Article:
Vogue International Editor Suzy Menkes is the best-known fashion journalist in the world. After 25 years commenting on fashion for the International Herald Tribune (rebranded recently as The International New York Times), Suzy Menkes now writes exclusively for Vogue online, covering fashion worldwide.
Christopher Kane: Outsider Art
22 Сентября 2015
From high up on the 35th floor in London's Sky Garden, the view of the city was filtered through mist and rain.
"I don't care — I like the gloom," said Christopher Kane, who has survived a personal annus horribilis. First there was the sudden death of Louis Wilson, his mentor and teacher at Central Saint Martins, then he and his fashion partner-sister Tammy's mother passed away on the eve of the opening of his first store.
All he could think of was tackling life's struggles head on and battling through.
And he did that brilliantly for this show — with eye-popping colour and a spirit of make-do and mend by using plastic in all of its cheap and cheerful connotations; putting the torn pieces back together again.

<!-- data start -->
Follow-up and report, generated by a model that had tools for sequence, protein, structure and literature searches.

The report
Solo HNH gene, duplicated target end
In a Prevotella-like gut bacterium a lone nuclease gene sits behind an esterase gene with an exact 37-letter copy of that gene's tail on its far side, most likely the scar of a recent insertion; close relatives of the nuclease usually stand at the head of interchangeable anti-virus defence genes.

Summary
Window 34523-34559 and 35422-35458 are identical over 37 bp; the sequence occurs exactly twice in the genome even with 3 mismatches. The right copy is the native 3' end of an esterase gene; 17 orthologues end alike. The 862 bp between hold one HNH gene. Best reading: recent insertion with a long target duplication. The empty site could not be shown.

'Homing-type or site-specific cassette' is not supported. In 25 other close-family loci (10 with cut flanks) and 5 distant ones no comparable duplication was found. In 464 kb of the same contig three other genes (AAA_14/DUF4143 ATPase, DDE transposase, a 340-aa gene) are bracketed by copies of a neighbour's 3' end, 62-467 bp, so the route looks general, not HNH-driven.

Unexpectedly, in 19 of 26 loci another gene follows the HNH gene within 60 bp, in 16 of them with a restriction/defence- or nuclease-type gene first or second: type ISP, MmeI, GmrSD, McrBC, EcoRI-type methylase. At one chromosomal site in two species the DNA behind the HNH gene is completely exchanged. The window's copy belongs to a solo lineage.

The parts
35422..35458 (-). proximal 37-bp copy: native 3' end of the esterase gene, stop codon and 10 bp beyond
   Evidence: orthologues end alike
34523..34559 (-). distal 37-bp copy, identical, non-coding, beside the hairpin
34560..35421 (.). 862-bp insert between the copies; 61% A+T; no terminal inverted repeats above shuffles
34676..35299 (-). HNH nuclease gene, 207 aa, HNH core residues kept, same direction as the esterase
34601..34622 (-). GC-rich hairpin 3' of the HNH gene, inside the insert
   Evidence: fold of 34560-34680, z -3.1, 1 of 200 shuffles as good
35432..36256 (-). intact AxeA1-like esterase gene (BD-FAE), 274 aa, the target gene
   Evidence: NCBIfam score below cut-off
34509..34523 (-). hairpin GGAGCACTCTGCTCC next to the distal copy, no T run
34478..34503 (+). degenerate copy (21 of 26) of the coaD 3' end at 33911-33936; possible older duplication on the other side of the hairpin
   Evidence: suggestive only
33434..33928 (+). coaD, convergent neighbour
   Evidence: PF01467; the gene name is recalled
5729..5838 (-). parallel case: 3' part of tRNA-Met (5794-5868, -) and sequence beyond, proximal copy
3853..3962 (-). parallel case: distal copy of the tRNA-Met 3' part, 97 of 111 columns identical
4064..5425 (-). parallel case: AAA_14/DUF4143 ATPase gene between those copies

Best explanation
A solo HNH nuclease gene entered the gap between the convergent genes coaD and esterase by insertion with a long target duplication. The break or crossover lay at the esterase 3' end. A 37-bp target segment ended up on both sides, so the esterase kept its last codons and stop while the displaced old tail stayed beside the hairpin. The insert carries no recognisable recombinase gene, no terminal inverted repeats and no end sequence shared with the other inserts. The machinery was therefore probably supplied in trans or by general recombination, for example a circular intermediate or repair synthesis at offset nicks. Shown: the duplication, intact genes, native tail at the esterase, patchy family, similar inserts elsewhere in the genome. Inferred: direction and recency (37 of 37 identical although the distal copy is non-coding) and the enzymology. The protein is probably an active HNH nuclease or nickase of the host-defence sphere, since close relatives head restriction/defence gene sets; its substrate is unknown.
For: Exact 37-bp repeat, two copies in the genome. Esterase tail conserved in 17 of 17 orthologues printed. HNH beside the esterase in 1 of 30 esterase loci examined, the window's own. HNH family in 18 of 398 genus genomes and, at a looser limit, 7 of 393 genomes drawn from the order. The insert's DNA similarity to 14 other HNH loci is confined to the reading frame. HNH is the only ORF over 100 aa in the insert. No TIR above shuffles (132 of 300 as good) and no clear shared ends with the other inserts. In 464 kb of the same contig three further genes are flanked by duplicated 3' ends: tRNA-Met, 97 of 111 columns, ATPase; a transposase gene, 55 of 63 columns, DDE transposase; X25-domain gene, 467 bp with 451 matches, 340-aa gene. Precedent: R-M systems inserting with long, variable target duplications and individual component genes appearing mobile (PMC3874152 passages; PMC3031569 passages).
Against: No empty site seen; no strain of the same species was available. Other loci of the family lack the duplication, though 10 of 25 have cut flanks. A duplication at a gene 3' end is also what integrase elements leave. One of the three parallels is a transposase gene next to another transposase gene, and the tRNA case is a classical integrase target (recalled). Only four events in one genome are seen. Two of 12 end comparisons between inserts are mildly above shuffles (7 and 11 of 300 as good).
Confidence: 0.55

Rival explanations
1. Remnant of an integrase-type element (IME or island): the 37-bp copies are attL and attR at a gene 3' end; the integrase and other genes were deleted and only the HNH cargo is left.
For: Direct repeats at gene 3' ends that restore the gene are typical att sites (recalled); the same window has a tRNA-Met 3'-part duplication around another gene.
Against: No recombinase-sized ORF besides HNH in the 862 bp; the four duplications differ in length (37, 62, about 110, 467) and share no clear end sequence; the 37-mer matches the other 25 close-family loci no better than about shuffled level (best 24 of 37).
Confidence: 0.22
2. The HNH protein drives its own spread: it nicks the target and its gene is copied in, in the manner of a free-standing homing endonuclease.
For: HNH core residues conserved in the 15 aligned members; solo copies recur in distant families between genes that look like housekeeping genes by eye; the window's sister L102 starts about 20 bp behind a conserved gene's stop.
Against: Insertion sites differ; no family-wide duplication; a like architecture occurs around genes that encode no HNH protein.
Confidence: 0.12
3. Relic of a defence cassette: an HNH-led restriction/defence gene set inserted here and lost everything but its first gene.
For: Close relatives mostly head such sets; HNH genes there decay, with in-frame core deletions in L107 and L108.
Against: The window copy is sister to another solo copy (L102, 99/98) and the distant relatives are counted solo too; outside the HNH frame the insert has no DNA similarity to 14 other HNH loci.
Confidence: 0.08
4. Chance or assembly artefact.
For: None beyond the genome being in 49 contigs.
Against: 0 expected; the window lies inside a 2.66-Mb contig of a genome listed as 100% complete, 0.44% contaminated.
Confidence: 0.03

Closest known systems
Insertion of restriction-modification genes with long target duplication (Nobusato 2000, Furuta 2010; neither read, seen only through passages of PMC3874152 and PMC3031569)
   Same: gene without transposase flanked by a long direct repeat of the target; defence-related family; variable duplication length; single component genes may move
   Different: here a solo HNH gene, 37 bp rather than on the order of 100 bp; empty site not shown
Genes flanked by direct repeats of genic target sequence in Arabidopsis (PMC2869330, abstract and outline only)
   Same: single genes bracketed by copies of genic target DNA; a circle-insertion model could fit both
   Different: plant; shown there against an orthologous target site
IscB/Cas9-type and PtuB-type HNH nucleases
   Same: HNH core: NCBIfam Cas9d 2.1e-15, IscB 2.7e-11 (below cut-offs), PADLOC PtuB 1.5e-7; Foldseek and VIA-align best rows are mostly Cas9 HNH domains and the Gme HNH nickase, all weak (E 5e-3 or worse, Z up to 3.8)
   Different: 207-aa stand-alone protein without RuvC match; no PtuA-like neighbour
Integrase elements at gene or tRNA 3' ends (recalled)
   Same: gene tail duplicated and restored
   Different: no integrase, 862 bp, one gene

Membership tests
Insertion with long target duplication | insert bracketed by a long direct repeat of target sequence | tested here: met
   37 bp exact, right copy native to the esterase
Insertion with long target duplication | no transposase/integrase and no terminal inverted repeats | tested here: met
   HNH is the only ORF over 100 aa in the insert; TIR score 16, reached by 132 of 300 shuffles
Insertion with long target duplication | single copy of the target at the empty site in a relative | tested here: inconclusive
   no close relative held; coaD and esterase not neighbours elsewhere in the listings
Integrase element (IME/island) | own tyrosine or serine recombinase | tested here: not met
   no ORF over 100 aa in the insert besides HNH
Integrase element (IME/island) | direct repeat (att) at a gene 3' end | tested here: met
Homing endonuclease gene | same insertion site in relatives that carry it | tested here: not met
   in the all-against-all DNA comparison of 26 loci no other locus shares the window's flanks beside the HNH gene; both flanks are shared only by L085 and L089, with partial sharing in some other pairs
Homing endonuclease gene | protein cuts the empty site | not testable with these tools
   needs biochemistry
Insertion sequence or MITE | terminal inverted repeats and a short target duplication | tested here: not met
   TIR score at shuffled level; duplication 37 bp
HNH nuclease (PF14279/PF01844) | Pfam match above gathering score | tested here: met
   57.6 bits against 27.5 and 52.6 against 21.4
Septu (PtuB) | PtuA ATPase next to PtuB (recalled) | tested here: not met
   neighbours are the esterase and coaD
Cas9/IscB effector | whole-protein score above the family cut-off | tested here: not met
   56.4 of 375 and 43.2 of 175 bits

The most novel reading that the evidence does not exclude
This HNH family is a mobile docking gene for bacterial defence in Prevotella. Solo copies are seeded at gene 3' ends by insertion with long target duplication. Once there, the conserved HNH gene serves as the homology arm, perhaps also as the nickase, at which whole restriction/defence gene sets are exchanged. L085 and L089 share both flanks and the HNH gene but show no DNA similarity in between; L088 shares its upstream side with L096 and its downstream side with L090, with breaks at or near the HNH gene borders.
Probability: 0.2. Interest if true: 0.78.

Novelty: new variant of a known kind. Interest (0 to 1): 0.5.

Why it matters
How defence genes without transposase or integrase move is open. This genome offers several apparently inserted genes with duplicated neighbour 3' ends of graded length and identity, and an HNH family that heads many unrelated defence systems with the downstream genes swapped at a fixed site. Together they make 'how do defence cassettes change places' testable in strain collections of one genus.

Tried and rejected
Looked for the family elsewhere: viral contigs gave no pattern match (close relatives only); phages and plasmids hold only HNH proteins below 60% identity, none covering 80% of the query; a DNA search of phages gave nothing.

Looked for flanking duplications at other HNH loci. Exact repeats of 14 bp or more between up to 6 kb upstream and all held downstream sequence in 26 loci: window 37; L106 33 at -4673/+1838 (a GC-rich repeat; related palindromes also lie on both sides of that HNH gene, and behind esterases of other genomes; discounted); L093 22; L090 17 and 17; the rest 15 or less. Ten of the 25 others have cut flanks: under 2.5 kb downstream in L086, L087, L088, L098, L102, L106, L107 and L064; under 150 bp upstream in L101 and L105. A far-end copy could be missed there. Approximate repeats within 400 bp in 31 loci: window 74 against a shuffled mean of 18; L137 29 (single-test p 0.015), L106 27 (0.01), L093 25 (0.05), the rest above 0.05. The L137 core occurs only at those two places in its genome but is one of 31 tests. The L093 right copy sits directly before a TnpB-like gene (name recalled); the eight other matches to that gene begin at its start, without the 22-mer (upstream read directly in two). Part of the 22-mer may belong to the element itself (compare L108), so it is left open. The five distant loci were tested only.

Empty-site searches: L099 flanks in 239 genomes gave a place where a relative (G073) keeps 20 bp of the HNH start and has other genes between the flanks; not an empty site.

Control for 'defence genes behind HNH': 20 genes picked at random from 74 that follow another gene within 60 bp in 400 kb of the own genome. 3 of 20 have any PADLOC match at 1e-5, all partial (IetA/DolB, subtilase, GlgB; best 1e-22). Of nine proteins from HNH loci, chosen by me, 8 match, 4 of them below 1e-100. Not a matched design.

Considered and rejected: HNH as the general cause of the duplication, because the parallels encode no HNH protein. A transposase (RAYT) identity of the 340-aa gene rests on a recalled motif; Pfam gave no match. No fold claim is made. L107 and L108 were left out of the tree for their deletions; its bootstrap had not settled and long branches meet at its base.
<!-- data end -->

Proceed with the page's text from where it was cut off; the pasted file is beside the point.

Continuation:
Of course, being the deeply original designer that he is, there was far more to his story than met the eye. Sweaters with chaotic stitching were reminiscent of Outsider Art, such as the highly detailed work of Scottie Wilson (a fellow Scot).
Then there was the inspiration of the artistic car crashes from American sculptor John Chamberlain, whose creations using crushed automobile parts are done in pop colours, just like the Kane clothes.
The designer, after two quiet seasons, seemed to have leapt back into his earlier world of sexual undertones, latent horror and fabrics suggestive of sticky tape or bondage.
In this summer 2016 collection a coat might be ripped, a dress torn open or a skirt reduced to carwash strips or silken fringes. But all of this was done in dazzling, upbeat shades, as in an orange lace coat over a shocking pink and fluorescent dress, plus a child-like pink plastic bag. The colours went right down to shoes that were done as fabric patchworks.
The mix of artistic primitivism with a crash-and-repair sensibility worked in lace X-raying the body or with flesh showing between silk festoons — all adding up to an explosive show. It followed many of Kane's earlier ideas but was done with great finesse, making for an exceptional fashion moment.
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